Remember, this is a key theme of Benedict's, that faith and reason are not at loggerheads.

(Tip: Rocco Palmo.)

Life is Better Than Under Saddam, Right?

Not according to Shlemon Warduni, auxiliary bishop of Baghdad. Last year, and interviewer asked about whether life was just as bad as under Saddam. The bishop cut him off:
"No, in no way. The comparison won’t hold up, it’s not even worth suggesting. Under Saddam there was dictatorship, the wars… but the people lived fairly well. Today there is the total insecurity, one can’t be sure in the morning of coming home in the evening, it seems absurd but that’s how it is. I can testify to it in person, if you’ll believe it."
Hmm, I wonder if Michael Novak is as disappointed with him as he was with the pope. What an ungrateful cleric, unwilling to thank his real Messiah, George W. Bush, for bestowing the freely-given gift of freedom and redemption! Just another euro-weenie trying to "stick it to the Americans". Actually, maybe Novak needs to live in Iraq to wallow in the glory himself...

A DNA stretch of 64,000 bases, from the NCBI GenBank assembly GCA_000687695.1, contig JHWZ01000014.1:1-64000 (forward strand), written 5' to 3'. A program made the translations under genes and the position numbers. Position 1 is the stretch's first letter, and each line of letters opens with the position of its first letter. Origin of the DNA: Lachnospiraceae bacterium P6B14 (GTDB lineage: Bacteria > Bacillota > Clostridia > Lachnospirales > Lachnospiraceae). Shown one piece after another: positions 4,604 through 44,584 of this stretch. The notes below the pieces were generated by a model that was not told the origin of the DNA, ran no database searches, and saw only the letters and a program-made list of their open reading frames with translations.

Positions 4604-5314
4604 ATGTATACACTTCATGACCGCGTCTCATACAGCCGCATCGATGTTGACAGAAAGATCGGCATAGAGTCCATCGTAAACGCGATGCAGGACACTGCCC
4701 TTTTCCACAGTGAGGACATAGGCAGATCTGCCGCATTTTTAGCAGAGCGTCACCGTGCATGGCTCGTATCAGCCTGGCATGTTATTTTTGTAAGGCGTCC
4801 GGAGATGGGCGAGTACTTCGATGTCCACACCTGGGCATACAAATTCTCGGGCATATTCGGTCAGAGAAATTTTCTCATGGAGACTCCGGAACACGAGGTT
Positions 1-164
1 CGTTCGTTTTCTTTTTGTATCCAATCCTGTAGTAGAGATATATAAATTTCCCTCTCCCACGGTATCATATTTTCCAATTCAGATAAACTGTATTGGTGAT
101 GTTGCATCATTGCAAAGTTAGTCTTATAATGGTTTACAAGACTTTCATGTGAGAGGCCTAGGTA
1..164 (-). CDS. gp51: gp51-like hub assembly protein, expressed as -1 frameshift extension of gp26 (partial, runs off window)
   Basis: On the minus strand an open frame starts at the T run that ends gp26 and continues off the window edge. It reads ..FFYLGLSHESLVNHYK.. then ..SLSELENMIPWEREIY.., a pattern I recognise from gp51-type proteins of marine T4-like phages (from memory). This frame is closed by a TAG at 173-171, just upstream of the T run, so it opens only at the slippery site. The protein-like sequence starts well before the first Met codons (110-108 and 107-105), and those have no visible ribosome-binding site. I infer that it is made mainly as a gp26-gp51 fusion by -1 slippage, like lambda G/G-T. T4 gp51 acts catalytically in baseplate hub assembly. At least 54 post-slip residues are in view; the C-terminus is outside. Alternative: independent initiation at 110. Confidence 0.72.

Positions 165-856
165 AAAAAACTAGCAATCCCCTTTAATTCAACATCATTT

(Tip: Evangelical Catholicism.)

Banana Republic Watch

Josh Marshall has been at the vanguard of the US attorneys story, following its nefarious twists and turns and sniffing out conspiracies theories that, however unlikely, always turn out to have a kernel of truth. Today, he focuses on the real story behind the story: the Rovian voter suppression machine. He starts by noting a New York Times story that shows precious little evidence of voter fraud, despite the best efforts of the Republican noise machine to play up the issue over the past few years. Last year, there were only 86 convictions for voter fraud, and most of these were the result of simple mistakes. Possibly the most tragic case is that of Usman Ali, a Pakistani immigrant who filled out a voter registration form alongside the other forms he was handed by a brusque official at the DMV while renewing his driving license. For this "crime", he was deported to Pakistan. Charming.